It seems the idea of a second stimulus check is gathering steam. Over the last couple weeks several writers have mentioned the possibility, citing rumblings from House Democrats. I wasn’t overly enthusiastic about the first stimulus check, and I believe a second check would be downright irresponsible. So what’s fueling these rumors of a second stimulus check?
First Check Failure
With their first economic stimulus check many Americans will elect to build emergency savings or pay down debt. Both of these actions are financially wise, but do not do much to stimulate the economy. In fact, I put most of my stimulus check into our emergency fund at ING Direct. The consensus seems to indicate that if a second round of economic stimulus payments goes out it will likely be spent since the first provided some debt relief and/or a savings cushion. This theory seems to make a lot of sense, and if generating more spending is the ultimate goal, a second payment would likely generate results.
Iraq War Funds to Enter the Debate
Some are predicting Democrats will tie a second economic stimulus payment to Iraq war funding, making it even more politically unpopular for the President to strike down the measure. Without getting too political, I don’t like the idea of anyone on either side of the aisle using war funding as leverage in economic stimulus negotiations. I could think of several programs I’d cut before defense spending.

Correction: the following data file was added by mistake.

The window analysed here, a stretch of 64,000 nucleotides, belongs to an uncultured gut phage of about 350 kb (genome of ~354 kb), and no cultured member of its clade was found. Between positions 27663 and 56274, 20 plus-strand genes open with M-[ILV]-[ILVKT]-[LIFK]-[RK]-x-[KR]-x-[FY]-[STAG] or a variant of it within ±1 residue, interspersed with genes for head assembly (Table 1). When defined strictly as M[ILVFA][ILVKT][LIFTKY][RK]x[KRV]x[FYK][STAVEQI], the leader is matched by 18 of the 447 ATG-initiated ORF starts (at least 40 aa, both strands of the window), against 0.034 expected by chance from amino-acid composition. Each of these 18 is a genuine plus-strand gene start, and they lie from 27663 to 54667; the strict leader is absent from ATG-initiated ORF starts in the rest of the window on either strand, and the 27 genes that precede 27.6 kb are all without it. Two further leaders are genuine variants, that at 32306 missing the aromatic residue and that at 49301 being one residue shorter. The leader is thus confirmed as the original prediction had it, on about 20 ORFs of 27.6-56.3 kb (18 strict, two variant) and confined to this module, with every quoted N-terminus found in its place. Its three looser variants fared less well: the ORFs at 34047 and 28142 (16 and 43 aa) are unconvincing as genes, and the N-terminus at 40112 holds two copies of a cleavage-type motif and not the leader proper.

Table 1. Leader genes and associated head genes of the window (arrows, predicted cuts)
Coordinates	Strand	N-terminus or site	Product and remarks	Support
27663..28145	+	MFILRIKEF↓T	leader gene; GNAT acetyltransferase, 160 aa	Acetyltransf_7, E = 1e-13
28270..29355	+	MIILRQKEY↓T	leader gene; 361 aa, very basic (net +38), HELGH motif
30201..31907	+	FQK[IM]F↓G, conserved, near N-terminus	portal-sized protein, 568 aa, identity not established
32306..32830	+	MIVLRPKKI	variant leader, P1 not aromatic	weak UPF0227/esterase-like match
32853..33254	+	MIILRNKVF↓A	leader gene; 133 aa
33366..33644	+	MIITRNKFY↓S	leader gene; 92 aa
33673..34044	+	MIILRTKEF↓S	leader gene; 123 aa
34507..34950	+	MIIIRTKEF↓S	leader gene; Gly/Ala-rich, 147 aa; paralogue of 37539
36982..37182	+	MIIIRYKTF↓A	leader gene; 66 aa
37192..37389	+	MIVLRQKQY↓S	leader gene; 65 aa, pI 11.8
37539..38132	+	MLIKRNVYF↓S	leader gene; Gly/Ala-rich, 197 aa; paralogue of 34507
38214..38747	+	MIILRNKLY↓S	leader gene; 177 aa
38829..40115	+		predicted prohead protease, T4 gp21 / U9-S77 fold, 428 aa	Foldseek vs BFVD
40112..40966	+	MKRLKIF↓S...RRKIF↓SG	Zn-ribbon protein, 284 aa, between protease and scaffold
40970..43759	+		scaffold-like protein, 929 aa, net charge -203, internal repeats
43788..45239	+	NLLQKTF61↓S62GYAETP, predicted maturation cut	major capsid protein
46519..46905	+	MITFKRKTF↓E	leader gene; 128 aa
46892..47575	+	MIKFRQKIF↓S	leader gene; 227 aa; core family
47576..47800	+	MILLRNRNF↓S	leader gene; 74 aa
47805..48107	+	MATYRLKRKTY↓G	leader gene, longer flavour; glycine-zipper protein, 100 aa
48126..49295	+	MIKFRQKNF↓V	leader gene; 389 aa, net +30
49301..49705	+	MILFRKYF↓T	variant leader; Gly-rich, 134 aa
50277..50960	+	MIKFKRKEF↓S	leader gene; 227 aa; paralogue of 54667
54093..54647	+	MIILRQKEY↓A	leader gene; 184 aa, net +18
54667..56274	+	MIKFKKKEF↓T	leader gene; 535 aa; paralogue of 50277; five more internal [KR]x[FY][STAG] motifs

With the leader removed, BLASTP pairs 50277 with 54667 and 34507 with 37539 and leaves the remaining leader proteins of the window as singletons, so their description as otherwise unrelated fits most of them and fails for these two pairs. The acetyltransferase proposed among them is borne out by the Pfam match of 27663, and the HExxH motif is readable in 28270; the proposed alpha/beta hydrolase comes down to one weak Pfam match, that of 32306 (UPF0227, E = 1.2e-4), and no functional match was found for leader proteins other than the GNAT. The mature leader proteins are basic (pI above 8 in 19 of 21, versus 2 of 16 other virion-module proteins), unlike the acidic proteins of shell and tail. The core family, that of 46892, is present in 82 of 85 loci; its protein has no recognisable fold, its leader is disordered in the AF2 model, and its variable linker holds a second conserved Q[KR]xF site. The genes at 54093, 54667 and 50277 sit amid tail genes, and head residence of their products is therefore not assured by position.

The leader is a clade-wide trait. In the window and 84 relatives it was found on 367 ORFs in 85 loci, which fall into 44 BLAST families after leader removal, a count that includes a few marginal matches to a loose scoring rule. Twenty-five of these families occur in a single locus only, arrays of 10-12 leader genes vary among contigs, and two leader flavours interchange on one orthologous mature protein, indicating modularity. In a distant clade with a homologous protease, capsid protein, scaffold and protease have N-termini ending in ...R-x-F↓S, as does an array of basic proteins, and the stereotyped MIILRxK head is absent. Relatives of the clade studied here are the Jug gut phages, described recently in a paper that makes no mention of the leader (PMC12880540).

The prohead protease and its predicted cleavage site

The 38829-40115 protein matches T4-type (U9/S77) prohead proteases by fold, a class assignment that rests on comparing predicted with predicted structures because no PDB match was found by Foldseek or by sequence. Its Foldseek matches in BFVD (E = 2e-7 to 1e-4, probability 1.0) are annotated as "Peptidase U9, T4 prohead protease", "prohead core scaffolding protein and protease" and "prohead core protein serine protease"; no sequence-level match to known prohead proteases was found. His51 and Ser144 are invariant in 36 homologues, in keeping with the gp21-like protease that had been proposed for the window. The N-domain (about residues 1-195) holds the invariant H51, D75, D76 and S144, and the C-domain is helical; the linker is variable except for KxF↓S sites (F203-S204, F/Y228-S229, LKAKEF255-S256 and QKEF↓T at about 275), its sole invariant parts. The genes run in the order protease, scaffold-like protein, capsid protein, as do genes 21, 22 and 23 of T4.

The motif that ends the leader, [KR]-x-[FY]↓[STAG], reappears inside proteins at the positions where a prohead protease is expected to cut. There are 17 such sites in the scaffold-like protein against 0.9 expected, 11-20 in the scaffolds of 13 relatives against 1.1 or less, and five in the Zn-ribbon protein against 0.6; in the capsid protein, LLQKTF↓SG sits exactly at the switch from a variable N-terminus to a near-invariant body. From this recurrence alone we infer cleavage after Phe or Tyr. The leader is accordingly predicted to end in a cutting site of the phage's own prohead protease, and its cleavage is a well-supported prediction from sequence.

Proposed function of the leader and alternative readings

Regardless, the argument ought to be a moot point because I don’t believe there is a need for a second economic stimulus package. Under a pure capitalist system markets will ultimately correct themselves. Yes, it could make for a very difficult period of months, or even years, but government intervention is rarely the answer.
Be Prepared – Just in Case
If a second stimulus check does find its way to your mailbox consider using it in much the same manner you used the first (assuming you used the rebate check wisely). Resist the temptation and political peer pressure to simply spend the rebate check for the sake of spending it. If you have no emergency savings, start an emergency fund. If you are deep in debt, apply the rebate money towards your lowest credit card balance and become closer to living debt free.